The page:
Now don’t get me wrong – there has to be some kind of watchdog group to make sure that the medical profession, or for that matter, any professional group, do not abuse their position within our society.  We professionals play a significant role in your lives and are usually involved in matters that are life changing for you.  That’s a lot of responsibility and things should not be left to simple whims of the person you are dealing with.  We all know that standards must be maintained because that’s how we ensure that everyone gets treated fairly.  Standards are also what allow us as clients, patients, consumers – whatever it is we are at the time – to be confident that each professional we go to has the same basic level of knowledge so we can feel comfortable that our concerns will be handled in a competent manner similarly by anyone we choose to go to.

We’re really talking about the differing capabilities of the professionals out there.  For instance, I first became aware of medical malpractice as a young lawyer in Philadelphia almost 20 years ago.  The lawyers I worked with were brilliant and they were sought after by clients from all over the country.  They were concerned about their own reputations in the community and only took cases that were challenging and worthy of their attention.  I was the initial person a potential client would see so I know how many cases they would turn down as compared to the amount they would actually take  and I remember the ratio being approximately 1 case taken for every 25 to 30 that was looked at.  So it’s not the great lawyers you have to worry about, it’s the followers.  It’s those mediocre lawyers who are in it for the money who see great lawyers making big money on truly horrible cases and want to jump on the bandwagon.   That’s doing none of us any good, mostly because if you’re just dabbling to make some change, chances are you’re only going to get access to the marginal cases that the big guys have turned down.  And if a case has been turned down there’s a reason.  Do you really need to make a living trying to eat off of someone else’s scraps?  Find an area where you can apply all that fine knowledge you gained by going to law school and develop a practice for yourself in an area that you like.  There’s a reason why the true medical cases go to firms that have trial lawyers who are also trained as doctors or they have doctors on their staffs so they can have cases reviewed and get consults the instant they need them.  These are the reasons why raising medical claims and bringing them to trial is so expensive: you can’t dabble at it and you have to be ready for a long, tough and costly battle that only the big dogs can afford to take on.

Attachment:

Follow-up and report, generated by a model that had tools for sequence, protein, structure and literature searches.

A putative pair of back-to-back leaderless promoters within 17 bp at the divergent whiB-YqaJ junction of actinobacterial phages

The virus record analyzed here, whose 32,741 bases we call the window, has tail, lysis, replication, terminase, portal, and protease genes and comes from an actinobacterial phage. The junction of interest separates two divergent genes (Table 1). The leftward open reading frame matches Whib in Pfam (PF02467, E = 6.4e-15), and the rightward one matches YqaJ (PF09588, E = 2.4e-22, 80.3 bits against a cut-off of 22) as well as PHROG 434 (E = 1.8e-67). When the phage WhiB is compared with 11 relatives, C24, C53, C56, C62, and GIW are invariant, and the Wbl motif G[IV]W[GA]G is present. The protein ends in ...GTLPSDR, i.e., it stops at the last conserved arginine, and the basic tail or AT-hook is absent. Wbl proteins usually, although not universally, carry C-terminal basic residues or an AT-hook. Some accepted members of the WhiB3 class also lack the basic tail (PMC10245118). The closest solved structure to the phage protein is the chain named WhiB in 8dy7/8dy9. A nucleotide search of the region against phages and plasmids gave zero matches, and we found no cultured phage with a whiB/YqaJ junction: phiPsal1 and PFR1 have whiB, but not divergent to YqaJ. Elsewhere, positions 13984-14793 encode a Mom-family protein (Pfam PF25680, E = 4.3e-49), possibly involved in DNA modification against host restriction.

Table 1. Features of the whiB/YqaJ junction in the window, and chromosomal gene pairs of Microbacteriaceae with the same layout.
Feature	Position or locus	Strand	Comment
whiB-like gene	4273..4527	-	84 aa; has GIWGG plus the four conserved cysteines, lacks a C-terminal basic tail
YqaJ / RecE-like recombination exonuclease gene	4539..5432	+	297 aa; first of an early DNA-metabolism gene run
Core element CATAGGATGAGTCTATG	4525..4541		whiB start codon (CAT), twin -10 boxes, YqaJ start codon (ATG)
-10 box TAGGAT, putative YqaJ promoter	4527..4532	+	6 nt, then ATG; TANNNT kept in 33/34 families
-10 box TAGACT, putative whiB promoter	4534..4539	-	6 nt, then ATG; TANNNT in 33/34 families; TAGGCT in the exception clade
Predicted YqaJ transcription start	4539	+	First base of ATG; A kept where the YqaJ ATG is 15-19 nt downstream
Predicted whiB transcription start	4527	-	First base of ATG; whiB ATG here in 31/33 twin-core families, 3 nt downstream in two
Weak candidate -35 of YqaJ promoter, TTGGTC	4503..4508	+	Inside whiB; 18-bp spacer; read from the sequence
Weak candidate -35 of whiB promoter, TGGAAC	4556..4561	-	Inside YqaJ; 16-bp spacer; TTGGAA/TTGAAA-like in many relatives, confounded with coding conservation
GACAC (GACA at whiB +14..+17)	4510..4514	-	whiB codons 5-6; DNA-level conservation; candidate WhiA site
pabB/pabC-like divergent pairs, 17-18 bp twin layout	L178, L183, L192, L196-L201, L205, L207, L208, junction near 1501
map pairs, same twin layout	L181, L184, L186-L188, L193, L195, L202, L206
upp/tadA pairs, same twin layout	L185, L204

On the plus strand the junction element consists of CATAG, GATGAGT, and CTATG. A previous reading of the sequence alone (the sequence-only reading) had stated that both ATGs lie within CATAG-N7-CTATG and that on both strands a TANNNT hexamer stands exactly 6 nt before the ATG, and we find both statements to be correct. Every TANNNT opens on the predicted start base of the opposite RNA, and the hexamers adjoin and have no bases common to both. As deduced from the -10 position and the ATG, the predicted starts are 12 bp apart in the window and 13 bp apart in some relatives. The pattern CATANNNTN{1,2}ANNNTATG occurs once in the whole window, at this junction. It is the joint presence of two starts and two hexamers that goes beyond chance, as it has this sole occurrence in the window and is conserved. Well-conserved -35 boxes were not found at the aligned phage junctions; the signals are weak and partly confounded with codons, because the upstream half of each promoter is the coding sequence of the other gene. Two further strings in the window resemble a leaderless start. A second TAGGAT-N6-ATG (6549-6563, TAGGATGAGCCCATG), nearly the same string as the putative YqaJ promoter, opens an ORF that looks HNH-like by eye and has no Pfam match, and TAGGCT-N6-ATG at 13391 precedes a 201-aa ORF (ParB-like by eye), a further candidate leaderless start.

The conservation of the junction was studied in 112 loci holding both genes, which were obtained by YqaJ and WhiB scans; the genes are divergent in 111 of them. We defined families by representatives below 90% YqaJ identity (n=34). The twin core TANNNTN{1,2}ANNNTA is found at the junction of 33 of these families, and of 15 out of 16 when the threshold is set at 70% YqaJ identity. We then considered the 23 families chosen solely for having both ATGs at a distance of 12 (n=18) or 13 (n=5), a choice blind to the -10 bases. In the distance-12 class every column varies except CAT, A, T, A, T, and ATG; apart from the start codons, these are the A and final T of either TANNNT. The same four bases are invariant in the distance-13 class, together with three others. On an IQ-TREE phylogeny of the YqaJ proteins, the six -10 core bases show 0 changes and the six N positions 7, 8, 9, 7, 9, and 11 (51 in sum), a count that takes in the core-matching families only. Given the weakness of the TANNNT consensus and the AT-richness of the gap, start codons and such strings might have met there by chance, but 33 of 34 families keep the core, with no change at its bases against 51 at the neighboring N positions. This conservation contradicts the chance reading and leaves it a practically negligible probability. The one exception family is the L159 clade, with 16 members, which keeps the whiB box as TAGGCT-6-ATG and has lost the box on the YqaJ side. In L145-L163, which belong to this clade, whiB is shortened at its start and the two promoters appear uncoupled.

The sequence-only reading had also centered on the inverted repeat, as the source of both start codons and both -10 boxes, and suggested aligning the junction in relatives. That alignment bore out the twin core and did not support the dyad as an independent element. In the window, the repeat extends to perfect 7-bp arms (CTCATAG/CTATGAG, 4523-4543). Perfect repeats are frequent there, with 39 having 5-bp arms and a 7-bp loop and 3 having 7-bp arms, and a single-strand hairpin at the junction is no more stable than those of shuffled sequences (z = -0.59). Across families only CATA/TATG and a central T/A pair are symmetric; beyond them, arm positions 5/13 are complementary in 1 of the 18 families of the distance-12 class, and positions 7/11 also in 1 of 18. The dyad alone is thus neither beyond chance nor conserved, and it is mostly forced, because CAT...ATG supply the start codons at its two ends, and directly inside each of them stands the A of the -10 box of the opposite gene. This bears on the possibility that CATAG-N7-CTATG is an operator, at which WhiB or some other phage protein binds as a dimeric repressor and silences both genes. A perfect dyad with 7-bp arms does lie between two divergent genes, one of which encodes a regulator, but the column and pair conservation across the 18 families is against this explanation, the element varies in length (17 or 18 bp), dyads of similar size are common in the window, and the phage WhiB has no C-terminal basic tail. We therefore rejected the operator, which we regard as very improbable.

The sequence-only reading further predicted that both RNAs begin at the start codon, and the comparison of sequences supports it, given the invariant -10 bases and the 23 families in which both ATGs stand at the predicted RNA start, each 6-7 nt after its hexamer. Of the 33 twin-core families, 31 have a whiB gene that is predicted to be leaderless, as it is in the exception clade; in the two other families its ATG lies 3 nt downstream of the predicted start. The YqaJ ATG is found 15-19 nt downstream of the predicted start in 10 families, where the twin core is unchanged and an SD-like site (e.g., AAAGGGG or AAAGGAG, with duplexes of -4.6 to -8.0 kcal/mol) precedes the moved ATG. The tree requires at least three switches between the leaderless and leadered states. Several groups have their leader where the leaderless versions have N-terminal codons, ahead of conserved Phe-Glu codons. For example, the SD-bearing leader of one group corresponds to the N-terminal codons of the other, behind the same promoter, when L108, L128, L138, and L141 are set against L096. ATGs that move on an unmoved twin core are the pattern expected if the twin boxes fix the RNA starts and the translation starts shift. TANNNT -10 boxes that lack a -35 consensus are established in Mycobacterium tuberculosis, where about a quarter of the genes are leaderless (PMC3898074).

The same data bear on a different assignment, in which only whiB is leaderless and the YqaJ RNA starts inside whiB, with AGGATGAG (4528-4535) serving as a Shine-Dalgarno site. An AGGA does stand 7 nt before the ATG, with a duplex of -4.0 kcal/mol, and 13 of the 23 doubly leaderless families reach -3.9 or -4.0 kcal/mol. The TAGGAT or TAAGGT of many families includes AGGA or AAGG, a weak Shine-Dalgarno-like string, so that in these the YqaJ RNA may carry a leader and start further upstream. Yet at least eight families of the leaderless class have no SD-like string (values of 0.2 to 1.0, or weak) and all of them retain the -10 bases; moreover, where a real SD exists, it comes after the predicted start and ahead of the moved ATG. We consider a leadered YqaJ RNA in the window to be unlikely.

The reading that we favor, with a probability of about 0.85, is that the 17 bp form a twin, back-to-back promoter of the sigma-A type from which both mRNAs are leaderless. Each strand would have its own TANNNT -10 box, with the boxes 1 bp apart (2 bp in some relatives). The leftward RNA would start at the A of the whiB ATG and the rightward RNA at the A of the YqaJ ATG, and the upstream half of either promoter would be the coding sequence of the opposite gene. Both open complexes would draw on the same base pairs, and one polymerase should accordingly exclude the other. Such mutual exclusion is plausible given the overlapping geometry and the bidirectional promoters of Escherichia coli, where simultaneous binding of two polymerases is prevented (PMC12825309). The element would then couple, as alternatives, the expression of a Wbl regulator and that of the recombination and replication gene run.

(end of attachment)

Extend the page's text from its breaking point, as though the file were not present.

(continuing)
There are plenty of potential clients out there that need our attention.  Why not do a service for the community instead of preying on it?  If we take this approach, perhaps the image of lawyers will brighten and we will not be looked at as the villains that, in a lot of ways, the members of the legal  profession have become.

And let’s give the medical profession the room they need to do what they do best which is keep us alive.